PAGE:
The vehicle must have no “Dead Man zone”. Many vehicles, when the power fails, fall uncontrollably for a period of time before they can be slowed down for a safe landing. The concept of flying no higher than 10 feet above the surface effectively means that there is no "Dead Man Zone". An AirScooter contestant falling from 10 feet is not likely to be killed.

The vehicle must carry a 225 lb. man safely from ground level, vertically, up to 10 feet above the surface.

It must be capable of staying aloft, hovering, at least 15 minutes.

It must not incinerate the environs

It may have no connection with the ground or any other structure.

The course of the contest will be laid out to represent actual conditions, traversing riverbeds, lakes and bays and other unimproved terrain.

Points for determining the winner will be awarded for:

Being street legal, (meaning complying with the rules to legally justify a legitimate
vehicle license plate from the builders home state). This feature would allow AirScooters to travel on the roads in bad weather, further guaranteeing that we are developing useful vehicles.

FAR Part 103 compliant ( under 254 lb.. empty, etc. )

Quiet operation

Ability to accelerate quickly.

Ability to stop quickly.

Extended hovering airtime

Small size

Not kicking up dust or water

Rules will be adjusted annually to make the resulting solutions ever more practical.

This will be a well funded operation. Vehicles might cost from $30,000 to $50,000 (or more) to build. To keep expenditures down, we will have a claiming rule*. Suggested prizes:
First Place: $100,000
2nd Place: $70,000
3rd Place: $40,000

*Claiming rule will allow anybody to claim the 1st place machine for - say - $50,000

Responsibilities of sanctioning body's Board:
Determine winners
Secure adequate insurance
Manage and be responsible for moneys
Arrange for contest location
Provide advertising and PR
Event name and logo
Promote the contest
Assemble digital film clips of previous promising attempts for general release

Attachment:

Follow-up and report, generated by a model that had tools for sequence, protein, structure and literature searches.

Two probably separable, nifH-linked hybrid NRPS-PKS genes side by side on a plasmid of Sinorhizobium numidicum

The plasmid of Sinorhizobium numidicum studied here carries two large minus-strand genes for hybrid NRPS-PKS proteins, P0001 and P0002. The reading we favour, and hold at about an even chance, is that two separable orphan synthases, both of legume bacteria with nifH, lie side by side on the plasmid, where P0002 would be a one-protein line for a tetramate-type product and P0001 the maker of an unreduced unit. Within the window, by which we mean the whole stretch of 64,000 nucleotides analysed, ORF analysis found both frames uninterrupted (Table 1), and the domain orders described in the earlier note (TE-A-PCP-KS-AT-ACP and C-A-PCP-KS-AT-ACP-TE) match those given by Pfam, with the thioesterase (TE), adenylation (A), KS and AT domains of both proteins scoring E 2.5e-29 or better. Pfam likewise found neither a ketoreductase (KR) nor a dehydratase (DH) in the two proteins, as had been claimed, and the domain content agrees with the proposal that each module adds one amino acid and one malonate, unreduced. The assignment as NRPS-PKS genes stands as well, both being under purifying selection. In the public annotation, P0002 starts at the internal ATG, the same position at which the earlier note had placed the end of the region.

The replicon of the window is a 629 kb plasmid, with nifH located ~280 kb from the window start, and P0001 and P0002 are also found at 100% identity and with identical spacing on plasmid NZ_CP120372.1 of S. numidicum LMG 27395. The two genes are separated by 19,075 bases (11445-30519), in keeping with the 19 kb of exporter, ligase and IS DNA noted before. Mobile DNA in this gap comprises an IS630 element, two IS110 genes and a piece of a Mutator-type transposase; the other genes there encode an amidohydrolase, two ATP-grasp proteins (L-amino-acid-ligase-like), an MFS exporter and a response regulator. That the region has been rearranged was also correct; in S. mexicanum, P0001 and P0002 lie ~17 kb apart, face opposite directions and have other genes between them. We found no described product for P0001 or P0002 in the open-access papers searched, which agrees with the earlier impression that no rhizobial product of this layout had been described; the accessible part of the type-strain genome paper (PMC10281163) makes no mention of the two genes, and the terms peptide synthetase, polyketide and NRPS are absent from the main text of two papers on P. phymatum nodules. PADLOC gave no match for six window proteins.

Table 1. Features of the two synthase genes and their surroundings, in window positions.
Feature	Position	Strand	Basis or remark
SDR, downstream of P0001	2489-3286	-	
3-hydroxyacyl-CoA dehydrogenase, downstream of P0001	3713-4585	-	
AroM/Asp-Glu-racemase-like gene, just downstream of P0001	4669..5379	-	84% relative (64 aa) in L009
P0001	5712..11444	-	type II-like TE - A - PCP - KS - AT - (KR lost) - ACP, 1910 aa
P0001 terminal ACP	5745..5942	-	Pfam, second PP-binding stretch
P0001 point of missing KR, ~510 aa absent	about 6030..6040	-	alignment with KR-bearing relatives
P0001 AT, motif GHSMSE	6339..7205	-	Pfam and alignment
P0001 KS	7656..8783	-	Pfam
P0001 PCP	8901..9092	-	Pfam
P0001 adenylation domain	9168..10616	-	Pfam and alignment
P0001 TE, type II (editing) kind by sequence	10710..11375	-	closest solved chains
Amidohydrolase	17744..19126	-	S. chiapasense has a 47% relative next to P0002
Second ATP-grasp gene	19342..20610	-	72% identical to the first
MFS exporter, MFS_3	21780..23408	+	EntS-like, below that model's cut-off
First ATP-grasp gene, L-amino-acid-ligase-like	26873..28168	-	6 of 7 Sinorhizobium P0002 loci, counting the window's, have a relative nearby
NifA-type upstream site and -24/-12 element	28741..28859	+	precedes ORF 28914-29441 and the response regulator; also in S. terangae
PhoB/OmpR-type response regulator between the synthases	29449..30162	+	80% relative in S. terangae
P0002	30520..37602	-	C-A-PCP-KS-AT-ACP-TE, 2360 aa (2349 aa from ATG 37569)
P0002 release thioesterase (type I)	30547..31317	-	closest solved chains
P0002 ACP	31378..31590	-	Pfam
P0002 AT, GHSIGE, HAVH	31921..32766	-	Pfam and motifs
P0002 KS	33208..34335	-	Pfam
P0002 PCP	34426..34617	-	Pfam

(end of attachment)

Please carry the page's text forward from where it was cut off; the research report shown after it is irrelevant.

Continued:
Generate imagery of suggested winning solutions to help inspire
Suggest how the results of this contest can change the world for the better
Arrange TV appearances
Maintain continuous legal counsel for:
Ownership & licensing of event materials
Promote their accomplishments
Set up and maintain a web page*:
With a chat room
With links to:
vendors of potential components
other contestants
The sanctioning body
research archives
Maintain detailed archives of all contestants
So each year’s entrants may begin where last years left off.

* The web page will allow virtual teams to coalesce, shop for components and sponsors. Never has there been a contest like this before. Never could there have been a contest like this.å

Suggested solutions to get you thinking:

Multiple model airplane ducted fan units could do the job. Each model airplane unit has a net thrust of about 15 to 20 lbs. and costs about $600 each. $7,000 in model airplane engines might take you up.
Similarly shrouded go-kart engines would each produce about 50 lb.. of up thrust. At about $2500 each, $18,000 would take you up ten feet, out of ground effect.
Two McCulloch drone engines costing $5,000 total will take you up Bensen style.
Japanese motorcycle engines also come with wheels and a license plate. Very tempting.
Model turbojets of 30-70 pounds thrust are beginning to appear and offer great promise.

You can see that contestants can come from many groups. From model airplane builders, real airplane builders, go karters, and my favorite, motorcyclists. This is the kind of contest that college students can get behind. Five years of guaranteed funded contests makes the effort worth while. If you don't win this year, come back next year.

Certainly the above ideas are not the only ways. Non existing power plants may be developed: Hybrid pulse jet / Coanda effect air thrusters. Nano flutterers with microscopic wings. Just end up with something that is likely to advance our civilization... to make our world a better place.

There have been great contests in the past. In the 20s, the Schneider Cup advanced the development of seaplanes. In the 60s, President Kennedy's challenge put a man on the moon. In the 80s, Mr. Kramer spurred interest in human powered flight. This contest is different. This contest is designed to result in a kind of vehicle that can change the way we live.

Is there interest? E-mail me with your ideas. I do need help. Your comments and suggestions are appreciated.

Thank you.

Craig Vetter